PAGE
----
.


The following OR is not a XOR:

A1[[j]] ⩵ "nostate" || B1[[j]] ⩵ "nostate"

This code removes the states with one * or two *'s using the information about the detectors angles. Hence, it's a nonlocal selection of states.

Nonsense.
.


That's rude, Fred. Yes, we disagree, but that's my understanding.

Good luck for you guys.
Last edited by FrediFizzx on Mon Oct 07, 2019 10:01 am, edited 1 time in total.
Reason: Other personal comment removed.
Guest
 

Re: QM is local paper update

Postby FrediFizzx » Mon Oct 07, 2019 10:05 am

Guest wrote:
FrediFizzx wrote:
Guest wrote:
FrediFizzx wrote:Yep, data rejection is the usual claim against it but that is not necessarily true. Basically what it is is selecting valid 3-sphere points for the initial states. The 3-sphere topology is not trivial. And there is no a AND b in my code. It is a OR b so it is completely local.
.


The following OR is not a XOR:

A1[[j]] ⩵ "nostate" || B1[[j]] ⩵ "nostate"

This code removes the states with one * or two *'s using the information about the detectors angles. Hence, it's a nonlocal selection of states.

Nonsense.
.


That's rude, Fred. Yes, we disagree, but that's my understanding.

Good luck for you guys.

Sorry that you think it is rude but I think what you wrote is in fact complete nonsense. You are making stuff up to justify your claim.
.
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Re: QM is local paper update

Postby FrediFizzx » Wed Oct 09, 2019 10:53 am

Anyways, the direction of the spin vector is very non-trivial due to 3-sphere topology. And it looks like the detectors are involved in the topology also. Is that correct, Joy?
.
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Re: QM is local paper update

Postby Joy Christian » Wed Oct 09, 2019 11:02 am

FrediFizzx wrote:
Anyways, the direction of the spin vector is very non-trivial due to 3-sphere topology. And it looks like the detectors are involved in the topology also. Is that correct, Joy?

The detectors, which are represented by unit bivectors, are indeed involved in the topology, and that looks problematic from the flatland perspective. That is what Alber Jan was saying:

Joy Christian wrote:
ajw wrote:
I have expressed earlier my feeling that this is still the flatlanders simulation of the model. It works on the 3 computer setup discussed elsewhere, but only if one takes the number of events to be the amount of particle pairs received at the detectors, not the amount of particle pairs sent to the filters. So one has to ignore a fair amount of single 'clicks' in the result set, because the measurement function on the opposite side has set the result to 'no state'.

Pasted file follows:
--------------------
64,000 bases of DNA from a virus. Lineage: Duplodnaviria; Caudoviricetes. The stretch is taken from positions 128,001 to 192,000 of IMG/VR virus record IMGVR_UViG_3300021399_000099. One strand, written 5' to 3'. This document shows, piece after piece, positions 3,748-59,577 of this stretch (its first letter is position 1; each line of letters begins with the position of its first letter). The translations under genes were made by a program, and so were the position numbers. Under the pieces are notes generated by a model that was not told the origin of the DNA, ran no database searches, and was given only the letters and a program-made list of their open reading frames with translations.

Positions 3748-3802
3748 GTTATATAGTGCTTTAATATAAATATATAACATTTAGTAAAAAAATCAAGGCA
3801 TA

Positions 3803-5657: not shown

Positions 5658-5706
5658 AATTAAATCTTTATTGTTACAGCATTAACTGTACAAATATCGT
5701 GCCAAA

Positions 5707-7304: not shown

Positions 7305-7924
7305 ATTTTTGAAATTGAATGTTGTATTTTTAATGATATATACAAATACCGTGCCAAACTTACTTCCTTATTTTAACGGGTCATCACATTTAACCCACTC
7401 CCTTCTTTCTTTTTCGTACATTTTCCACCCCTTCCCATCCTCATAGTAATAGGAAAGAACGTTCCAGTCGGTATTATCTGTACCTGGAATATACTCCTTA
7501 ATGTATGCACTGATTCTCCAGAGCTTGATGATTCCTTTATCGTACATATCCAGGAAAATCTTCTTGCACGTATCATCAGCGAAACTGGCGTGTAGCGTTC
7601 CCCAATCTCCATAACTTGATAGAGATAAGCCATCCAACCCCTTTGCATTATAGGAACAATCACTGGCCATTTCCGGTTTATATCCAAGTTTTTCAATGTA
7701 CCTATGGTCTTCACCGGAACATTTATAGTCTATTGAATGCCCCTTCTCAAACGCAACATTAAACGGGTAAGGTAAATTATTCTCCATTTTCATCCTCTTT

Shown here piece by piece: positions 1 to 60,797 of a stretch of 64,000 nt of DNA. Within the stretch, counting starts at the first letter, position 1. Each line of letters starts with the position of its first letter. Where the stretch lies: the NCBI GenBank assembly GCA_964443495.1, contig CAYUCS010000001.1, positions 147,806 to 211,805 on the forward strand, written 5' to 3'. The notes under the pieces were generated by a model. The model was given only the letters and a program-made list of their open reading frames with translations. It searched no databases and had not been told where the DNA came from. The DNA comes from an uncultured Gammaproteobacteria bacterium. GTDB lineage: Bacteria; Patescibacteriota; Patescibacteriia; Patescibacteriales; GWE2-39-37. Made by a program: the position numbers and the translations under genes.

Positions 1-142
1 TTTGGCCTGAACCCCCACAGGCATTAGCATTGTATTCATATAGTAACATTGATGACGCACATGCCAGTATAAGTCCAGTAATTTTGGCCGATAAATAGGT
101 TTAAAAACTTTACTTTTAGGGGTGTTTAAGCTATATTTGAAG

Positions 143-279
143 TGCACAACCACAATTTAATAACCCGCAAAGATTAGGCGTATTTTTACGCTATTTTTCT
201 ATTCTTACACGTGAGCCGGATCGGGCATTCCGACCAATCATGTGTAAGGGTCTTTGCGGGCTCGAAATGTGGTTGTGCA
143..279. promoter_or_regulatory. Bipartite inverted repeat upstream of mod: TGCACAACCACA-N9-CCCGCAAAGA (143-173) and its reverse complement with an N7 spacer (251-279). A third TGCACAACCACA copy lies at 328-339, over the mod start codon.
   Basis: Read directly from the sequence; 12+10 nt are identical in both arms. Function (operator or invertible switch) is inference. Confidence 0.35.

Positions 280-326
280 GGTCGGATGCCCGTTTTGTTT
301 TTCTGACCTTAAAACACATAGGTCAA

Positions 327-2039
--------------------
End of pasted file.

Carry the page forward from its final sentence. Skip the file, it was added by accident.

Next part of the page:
I think I know what Albert Jan is saying. But such a "non-flatland" simulation would be very difficult, if not impossible to do. Not that I am an expert in programming. Quite the opposite.

***
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Re: QM is local paper update

Postby FrediFizzx » Thu Oct 10, 2019 9:58 am

Joy Christian wrote:
FrediFizzx wrote:
Anyways, the direction of the spin vector is very non-trivial due to 3-sphere topology. And it looks like the detectors are involved in the topology also. Is that correct, Joy?

The detectors, which are represented by unit bivectors, are indeed involved in the topology, and that looks problematic from the flatland perspective. That is what Albert Jan was saying:

Joy Christian wrote:
ajw wrote:
I have expressed earlier my feeling that this is still the flatlanders simulation of the model. It works on the 3 computer setup discussed elsewhere, but only if one takes the number of events to be the amount of particle pairs received at the detectors, not the amount of particle pairs sent to the filters. So one has to ignore a fair amount of single 'clicks' in the result set, because the measurement function on the opposite side has set the result to 'no state'.

I think I know what Albert Jan is saying. But such a "non-flatland" simulation would be very difficult, if not impossible to do. Not that I am an expert in programming. Quite the opposite.

??? It is not impossible to do at all. Complete states is the way to do it. If we know a, s, and , we can predict with certainty the outcome at station A. And if we know b, s, and , we can predict with certainty the outcome at station B.

The problem is that the singlet spin vector's direction is highly non-trivial due to the 3-sphere topology. This "bangs" it in. It is definitely wrong in the code to use points on a 2-sphere as a starting point.

Here is a recent paper I found that highlights the problem.

https://arxiv.org/abs/1501.00693
"Do Spins Have Directions?"
.